With COVID spread, ‘racism — not race — is the risk factor’

By | May 3, 2021

A commentary last summer in the NEJM Catalyst │Innovations in Care Delivery by Thomas B. Sequist, professor of medicine and health care policy at Harvard Medical School, took a broader look at COVID rates in the Navajo Nation, which has high rates of poverty (43 percent) and a population of 180,000 people across New Mexico, Arizona, and Utah, and in Chelsea, Mass., a densely populated city near Boston where two-thirds of the population identifies as Latinx and about 19 percent of residents live below the federal poverty level.

Sequist, a member of the Taos Pueblo tribe in New Mexico who has worked to improve health care for Native peoples for 20 years, said that the seemingly disparate rural and urban communities of color shared some characteristics that led to the rates of more than 3,500 per 100,000 residents in the Navajo Nation and more than 7,000 cases per 100,000 residents in Chelsea — rates that were among the highest in the nation.

He wrote that a series of environmental factors contributed heavily to the problem, including crowded living conditions forced by poverty, which made social distancing impossible; lack of healthy food options (he said both communities are “food deserts” due to their limited options for well-stocked grocery stores); problems with access to medical care; and greater prevalence of complicating conditions, such as diabetes, heart failure, and kidney disease. In addition, residents of these communities tended to have low-wage, “essential worker” positions, which meant they could not work from home and often had to take public transportation to get to their jobs, putting them at higher risk of infection.

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“The rapid spread of COVID among communities of color is not because race or ethnicity is a risk factor for disease spread,” Sequist wrote. “Racism — not race — is the risk factor for spread.”

In recent years, advocates of environmental justice have come to recognize the links between economic, environmental, and health issues. And the pandemic has focused attention on specific trouble spots, including the workplace and the physical environment for communities of color, which tend to be segregated and with fewer employment options within or near their homes. Clearly the work climate affects who is more likely to get sick, according to Daniel Schneider, professor of public policy at the Kennedy School.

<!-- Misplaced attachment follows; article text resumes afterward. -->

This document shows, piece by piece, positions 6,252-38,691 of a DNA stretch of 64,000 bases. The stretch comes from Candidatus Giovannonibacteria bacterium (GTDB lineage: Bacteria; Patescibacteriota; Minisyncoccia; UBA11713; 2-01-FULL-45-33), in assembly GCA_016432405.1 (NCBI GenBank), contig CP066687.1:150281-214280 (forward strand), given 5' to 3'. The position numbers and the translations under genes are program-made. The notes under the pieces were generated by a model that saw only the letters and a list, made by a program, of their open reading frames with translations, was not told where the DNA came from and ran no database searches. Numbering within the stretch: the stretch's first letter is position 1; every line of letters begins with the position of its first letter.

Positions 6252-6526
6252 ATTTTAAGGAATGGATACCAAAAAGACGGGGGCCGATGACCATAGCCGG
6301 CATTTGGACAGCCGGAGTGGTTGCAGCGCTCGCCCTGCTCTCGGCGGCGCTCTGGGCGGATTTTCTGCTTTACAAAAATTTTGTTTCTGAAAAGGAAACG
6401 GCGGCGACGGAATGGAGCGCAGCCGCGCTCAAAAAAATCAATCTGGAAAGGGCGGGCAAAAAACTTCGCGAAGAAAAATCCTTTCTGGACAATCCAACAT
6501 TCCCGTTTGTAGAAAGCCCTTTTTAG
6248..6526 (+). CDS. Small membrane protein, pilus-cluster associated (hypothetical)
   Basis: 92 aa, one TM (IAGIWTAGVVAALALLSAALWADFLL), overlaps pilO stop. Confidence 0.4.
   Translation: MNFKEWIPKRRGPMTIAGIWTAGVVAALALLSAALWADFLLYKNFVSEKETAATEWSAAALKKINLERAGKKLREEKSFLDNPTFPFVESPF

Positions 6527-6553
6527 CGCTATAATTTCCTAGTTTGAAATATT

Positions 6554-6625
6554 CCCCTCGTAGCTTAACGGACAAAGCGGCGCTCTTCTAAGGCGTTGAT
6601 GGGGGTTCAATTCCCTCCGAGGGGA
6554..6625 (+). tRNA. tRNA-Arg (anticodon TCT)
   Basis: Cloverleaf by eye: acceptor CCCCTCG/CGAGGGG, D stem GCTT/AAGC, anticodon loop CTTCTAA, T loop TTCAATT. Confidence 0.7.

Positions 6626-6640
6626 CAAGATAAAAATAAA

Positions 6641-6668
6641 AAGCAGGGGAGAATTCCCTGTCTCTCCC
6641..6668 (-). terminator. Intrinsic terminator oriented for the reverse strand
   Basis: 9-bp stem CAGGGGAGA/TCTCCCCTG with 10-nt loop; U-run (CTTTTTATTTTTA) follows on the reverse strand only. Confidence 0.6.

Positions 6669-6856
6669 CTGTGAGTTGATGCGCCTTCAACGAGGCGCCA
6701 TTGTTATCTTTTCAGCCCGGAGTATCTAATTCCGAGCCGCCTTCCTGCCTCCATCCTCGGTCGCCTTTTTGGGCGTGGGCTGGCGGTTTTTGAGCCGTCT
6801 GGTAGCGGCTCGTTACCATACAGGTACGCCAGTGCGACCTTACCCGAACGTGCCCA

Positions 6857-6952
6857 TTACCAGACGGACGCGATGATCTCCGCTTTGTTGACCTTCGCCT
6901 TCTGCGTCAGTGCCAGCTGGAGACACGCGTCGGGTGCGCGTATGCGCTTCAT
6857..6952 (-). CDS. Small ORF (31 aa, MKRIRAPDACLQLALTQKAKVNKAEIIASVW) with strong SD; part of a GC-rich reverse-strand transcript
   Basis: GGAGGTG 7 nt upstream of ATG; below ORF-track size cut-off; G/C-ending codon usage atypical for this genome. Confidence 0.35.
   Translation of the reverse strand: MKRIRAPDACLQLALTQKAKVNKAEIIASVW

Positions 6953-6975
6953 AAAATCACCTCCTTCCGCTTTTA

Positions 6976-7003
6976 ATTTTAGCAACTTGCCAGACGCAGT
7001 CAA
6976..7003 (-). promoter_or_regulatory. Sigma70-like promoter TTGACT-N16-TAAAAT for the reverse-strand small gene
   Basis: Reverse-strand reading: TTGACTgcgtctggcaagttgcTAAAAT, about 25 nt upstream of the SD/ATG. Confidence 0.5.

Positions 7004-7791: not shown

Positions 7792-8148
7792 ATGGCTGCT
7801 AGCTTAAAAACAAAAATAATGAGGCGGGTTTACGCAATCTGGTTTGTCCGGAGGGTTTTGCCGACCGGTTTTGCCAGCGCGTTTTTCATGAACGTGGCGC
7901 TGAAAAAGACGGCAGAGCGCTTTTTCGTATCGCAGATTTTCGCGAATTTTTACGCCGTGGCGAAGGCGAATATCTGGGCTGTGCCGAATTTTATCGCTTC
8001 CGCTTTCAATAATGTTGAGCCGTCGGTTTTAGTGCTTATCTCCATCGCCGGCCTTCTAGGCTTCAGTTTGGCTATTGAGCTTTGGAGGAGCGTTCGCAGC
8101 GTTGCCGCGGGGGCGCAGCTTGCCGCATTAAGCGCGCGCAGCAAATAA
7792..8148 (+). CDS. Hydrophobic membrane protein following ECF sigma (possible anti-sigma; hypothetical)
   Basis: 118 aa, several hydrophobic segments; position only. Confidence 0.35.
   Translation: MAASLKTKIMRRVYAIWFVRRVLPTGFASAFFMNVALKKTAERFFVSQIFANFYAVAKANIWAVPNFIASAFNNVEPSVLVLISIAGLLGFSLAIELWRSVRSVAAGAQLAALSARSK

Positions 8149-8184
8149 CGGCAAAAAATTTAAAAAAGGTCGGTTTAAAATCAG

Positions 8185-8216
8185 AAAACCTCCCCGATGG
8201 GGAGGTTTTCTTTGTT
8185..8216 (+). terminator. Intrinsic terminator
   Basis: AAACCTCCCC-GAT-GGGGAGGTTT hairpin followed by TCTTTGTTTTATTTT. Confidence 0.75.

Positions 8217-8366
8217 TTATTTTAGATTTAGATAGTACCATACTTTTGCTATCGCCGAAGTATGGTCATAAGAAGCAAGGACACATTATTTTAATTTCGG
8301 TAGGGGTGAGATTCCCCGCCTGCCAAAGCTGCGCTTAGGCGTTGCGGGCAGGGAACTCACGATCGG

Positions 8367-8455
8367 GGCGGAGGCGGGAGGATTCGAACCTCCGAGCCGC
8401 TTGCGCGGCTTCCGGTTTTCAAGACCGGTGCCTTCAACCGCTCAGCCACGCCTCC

“COVID has shown that lower-income workers in the service sector are essential to our economy,” Schneider says. “They are playing a crucial role, but they are dealing with crummy jobs — now and in pre-pandemic times. Wage matters a great deal, but there are other aspects of job quality that also affect a worker’s well-being.”

Schneider is co-director of the Shift Project, a joint initiative at the Harvard Kennedy School and the University of California, San Francisco. Shift, he says, “has done surveys of hourly workers at 150 of the economy’s larger companies in the retail, food service, grocery, big box, delivery, and fulfillment sectors. We surveyed workers not only about how much they earn, but also do they get sick days, or paid medical leave.” The group’s aim is to help policymakers and firms find the best ways to improve job quality.

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Discrimination, says Schneider, can be a factor in how management decisions are made. “Workers of color, particularly women of color, are over-represented in many service sector occupations. It would be one thing if all workers were equally susceptible to bad schedules and lack of leave, but even within this sector there are pretty stark racial and gender inequalities. There is absolutely a wage gap but there is also a scheduling gap. Workers of color, especially women, have less-predictable schedules than their white counterparts. With something like scheduling there is an awful lot of managerial discretion: Who gets sent home at the last minute? Who is the last to get time off when they need it? And women of color are ending up on the wrong side of that.”

While some workers have simply lost their jobs, others have seen new dangers in the workplace. “In sectors like big box stores, grocery stores, hardware stores, and pharmacies, you continue to go to work — which is good in a way, but now you contend with serious risks and hazards. We found that it took months for employers to implement mask mandates and provide masks to their workers. And by fall we found out there is another problem, namely customers. Do they wear masks, do they take 6 feet of distance? So there is a certain powerlessness that workers feel.”

One solution, proposed by Associate Professor of Education Peter Q. Blair, is to promote wider access to better-paying jobs. One reason minority populations have the deck stacked against them, he said, is that they are less likely to have a college degree — and so are more likely to be passed over in job searches. “When you look at the COVID disruption, all of the existing fissures in society just got exacerbated.”

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Health & Medicine – Harvard Gazette